There is probably no artist that brings me near tears more easily than the late great Kirsty MacColl. She has filled my life with a great amount of joy. I’ll sometimes listen to her records while walking around Lady Bird Lake in Austin. It might be months without a spin, but there I am again: With an ear to ear smile, or trying to hold back tears, depending on what emotion is pouring out of her in any particular song.
I’ve written about her before, but whenever I listen to her I can’t help but think, “God, how do more people not know?”
One of my favorite songs of hers is the last song on her album Electric Landlady, called The One and Only. The last few lines of the song destroy me every time:
Some lives read like a postcard
And some lives read like a book
I’ll be happy if mine
Doesn’t read like a joke on an old Christmas cracker
(Here is what a Christmas cracker is if you are unaware.)
Like Moonriver or Somewhere Over the Rainbow, this is one of those happy/sad songs, that can be mined for more or less of either emotion, without ever completely shaking off the other feeling. Even if that place over the rainbow doesn’t exist, even if it is a dream that never comes true, the dream still allows us to temporarily transcend our circumstances. You can sing a song like that and communicate the sadness of the reality, or the beauty of the dream, you can choose one emotion over the other, but that other emotion is still there, giving the song a complexity.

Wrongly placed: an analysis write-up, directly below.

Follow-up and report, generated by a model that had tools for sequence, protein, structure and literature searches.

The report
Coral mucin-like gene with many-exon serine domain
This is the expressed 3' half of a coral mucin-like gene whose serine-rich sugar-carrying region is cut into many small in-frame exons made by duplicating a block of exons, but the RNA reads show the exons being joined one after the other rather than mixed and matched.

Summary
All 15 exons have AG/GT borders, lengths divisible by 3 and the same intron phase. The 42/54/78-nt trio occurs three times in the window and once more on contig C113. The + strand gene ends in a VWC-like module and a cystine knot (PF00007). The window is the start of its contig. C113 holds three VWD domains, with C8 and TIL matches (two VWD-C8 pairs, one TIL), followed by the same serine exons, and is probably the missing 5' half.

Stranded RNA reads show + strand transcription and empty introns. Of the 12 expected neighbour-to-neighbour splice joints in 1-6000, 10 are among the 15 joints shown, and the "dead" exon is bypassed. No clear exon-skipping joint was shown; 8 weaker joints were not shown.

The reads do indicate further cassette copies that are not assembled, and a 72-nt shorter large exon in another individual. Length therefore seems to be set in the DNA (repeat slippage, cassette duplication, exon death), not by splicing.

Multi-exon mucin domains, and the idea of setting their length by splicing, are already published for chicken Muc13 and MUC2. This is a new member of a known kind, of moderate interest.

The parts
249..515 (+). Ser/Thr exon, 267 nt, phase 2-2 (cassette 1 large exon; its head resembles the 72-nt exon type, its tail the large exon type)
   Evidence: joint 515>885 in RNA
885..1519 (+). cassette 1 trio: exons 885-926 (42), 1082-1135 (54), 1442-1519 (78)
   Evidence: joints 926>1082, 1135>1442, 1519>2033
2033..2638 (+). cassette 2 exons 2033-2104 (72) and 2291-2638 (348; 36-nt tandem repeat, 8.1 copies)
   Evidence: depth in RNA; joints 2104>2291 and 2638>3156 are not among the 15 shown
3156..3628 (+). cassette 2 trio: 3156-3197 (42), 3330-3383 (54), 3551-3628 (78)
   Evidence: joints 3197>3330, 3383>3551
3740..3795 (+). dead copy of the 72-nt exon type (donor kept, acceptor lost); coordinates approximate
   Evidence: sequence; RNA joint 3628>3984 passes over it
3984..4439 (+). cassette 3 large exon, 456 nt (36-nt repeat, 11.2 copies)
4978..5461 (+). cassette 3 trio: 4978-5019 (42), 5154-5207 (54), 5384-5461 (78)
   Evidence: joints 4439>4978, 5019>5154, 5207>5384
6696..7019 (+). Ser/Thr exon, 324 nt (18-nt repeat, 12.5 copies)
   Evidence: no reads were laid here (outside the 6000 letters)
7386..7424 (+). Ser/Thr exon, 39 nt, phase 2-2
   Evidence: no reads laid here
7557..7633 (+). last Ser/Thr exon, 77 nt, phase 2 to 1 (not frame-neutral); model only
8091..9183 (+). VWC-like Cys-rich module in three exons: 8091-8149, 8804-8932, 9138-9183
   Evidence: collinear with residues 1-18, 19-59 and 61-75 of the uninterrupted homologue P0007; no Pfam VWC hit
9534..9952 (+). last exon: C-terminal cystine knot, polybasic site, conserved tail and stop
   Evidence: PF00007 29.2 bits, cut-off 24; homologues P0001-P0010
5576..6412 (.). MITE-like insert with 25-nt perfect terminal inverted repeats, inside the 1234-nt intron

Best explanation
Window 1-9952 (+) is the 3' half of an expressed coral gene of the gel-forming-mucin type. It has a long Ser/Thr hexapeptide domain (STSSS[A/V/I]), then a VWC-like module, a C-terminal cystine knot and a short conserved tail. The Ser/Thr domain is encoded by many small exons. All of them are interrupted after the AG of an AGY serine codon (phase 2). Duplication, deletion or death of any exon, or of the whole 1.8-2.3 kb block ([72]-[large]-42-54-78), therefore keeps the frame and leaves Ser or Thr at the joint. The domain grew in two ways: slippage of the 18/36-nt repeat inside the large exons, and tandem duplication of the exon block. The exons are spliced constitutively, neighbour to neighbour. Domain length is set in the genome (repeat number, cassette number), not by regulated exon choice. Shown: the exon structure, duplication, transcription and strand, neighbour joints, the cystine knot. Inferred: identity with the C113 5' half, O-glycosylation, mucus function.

The One and Only can be viewed as being defiant in the face of heartbreak, of one refusing to give in, of transcending. Or it can be listened to as being sung by someone that is trying to put the best face on the sadly realized reality of lowered expectations. The song can be one or the other at different times, or it can even be both at the same time. The song ends on a hope, that just as easily could be posed as a question.
I once read author Nick Hornby say something along the lines of how pop songs are puzzle, that they hold are interest until we can solve them. The thing that is so beautiful about a song like The One and Only is that there is an interpretive element to it. It can’t ever be solved. Therefore, it will always be out there if needed, like Kirsty, ready to move us again.